Great Ways to Save Money by Volunteering

by Tisha Tolar on 12 April 2013 0 comments

I’ve always been the volunteering type, especially since I became a mom. I believe strongly in helping others, and I want my daughter to learn that value, too. For the last decade I have been part of a community recreation board, helped with youth sports programs, and served as a Girl Scout leader. Recently, I have taken an interest in helping out at a friend’s equine farm. (See also: Money-Making Lessons From the Girl Scouts)

I have found that my volunteering has been personally rewarding, but those efforts have helped me financially, too. No, none of those volunteer positions were paying positions, but they nevertheless helped me save money and boost the bottom line.

Free Admission

I have been able to attend a lot of great events, even with my family, at no cost to me. I may have to spend some time behind the concession stand, and I may have to stay later to help clean up. But it has always turned out to be a great time, and we don’t have to worry about expenses for a night out. We have also been able to eat free at the events.

No-Cost Extras

Sometimes at the end of the night there are extra things like food that didn’t get sold or cannot be used again. In most cases, these items are given away rather than tossed into the trash. Food is not the only thing I have scored at the end of an event. I’ve gratefully accepted craft and art supplies, clothing, and other promotional items.

It’s All About Who You Know

There are a lot of great people you want to know, especially when you are in a pinch. Plumbers, carpenters, lawyers, and a host of other professionals are all volunteers. I’ve met many people who I might not have otherwise become friendly with that have helped me at a lower cost or for no charge at all. As a big fan of the barter system, I have also been successful at helping people with marketing and website content in exchange for getting my lawnmower repaired.

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Networking Opportunities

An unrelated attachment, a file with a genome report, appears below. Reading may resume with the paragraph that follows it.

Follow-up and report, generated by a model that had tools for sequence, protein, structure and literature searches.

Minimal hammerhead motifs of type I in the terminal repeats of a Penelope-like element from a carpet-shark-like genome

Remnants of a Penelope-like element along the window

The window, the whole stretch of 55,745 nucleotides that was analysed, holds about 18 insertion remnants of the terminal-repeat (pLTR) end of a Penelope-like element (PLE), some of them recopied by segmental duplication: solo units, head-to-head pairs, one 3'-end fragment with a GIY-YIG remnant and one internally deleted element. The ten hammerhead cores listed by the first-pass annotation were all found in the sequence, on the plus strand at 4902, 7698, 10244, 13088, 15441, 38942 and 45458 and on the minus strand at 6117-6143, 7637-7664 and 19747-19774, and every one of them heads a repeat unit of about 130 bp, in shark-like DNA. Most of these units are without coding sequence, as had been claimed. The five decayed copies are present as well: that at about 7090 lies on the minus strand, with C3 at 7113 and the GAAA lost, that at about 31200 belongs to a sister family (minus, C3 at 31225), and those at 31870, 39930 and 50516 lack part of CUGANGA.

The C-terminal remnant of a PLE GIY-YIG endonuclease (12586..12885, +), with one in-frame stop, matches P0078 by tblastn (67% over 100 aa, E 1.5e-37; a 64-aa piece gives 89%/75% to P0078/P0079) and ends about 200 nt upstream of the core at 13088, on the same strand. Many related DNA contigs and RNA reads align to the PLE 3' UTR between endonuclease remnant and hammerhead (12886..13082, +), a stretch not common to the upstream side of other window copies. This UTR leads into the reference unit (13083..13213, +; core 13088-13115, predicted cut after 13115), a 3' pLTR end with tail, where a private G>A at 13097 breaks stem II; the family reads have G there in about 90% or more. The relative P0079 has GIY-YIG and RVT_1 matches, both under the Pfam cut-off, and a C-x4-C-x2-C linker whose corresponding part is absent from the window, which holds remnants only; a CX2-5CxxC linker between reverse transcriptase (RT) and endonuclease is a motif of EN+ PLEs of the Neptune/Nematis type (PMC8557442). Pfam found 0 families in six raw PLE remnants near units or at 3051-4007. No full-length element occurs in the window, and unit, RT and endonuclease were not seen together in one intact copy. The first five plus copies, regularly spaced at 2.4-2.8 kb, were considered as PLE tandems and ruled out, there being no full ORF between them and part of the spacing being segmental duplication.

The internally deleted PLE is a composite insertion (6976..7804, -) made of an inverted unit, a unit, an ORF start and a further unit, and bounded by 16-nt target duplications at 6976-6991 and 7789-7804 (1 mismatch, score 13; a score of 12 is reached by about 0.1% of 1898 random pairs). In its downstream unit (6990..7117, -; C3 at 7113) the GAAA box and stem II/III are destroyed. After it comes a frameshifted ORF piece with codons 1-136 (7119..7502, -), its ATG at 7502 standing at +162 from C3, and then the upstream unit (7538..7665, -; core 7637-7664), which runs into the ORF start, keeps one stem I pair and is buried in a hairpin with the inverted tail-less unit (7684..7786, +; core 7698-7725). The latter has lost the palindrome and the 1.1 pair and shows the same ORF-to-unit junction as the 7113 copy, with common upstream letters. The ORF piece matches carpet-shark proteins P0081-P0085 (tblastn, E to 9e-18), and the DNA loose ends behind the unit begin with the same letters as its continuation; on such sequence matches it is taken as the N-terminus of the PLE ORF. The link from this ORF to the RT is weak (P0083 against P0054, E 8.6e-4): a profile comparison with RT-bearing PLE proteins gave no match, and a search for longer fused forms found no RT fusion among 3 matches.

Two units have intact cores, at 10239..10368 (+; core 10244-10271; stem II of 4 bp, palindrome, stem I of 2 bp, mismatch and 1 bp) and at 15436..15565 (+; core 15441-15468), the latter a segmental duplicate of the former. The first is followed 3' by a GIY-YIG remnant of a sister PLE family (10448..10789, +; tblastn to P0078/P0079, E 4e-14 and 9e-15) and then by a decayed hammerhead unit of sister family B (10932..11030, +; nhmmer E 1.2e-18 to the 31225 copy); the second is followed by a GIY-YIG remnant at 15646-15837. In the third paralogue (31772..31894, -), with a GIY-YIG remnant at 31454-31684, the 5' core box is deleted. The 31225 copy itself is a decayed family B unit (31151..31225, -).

As a freelance writer, networking is vital to my work. Since I also dabble in marketing, I have found that local connections give me the opportunity to meet small business owners and organizations that could benefit from my help. I can do this kind of connecting on a casual basis without spending a dime. I am also more likely to get the work because I get to know people on a personal level.

Fun Privileges

There have been many occasions in the past that have allowed me access to places and things I may not have been able to get without my volunteer connections. I’ve been able to borrow character costumes for my kid’s birthday party, march in parades, and participate in many fun things at no cost. I’m currently planning my daughter’s birthday party at the horse farm at no cost to me, saving me a few hundred bucks in rental space.

No Gym Fees

Volunteering definitely keeps me moving. Some opportunities provide much more activity than others, but the fact is I am getting out of the house and moving around. As a work-at-home writer, I don’t have much occasion to leave the house outside of local errands. With my volunteer work, I have a reason to get out and about. I can’t beat the physical activity at my latest opportunity. A few hours of barn work replaces several hundred dollars a year in gym membership fees. Not only that, but I love the work I do — something I cannot say about formal exercise.

Certainly you should volunteer your time because you genuinely like to help people and spend your time purposefully. But if you have been considering taking on some volunteer work, you can look at things from your own perspective as well as for those you are directly helping. You never know what awaits you!

Have your volunteer efforts helped you financially?

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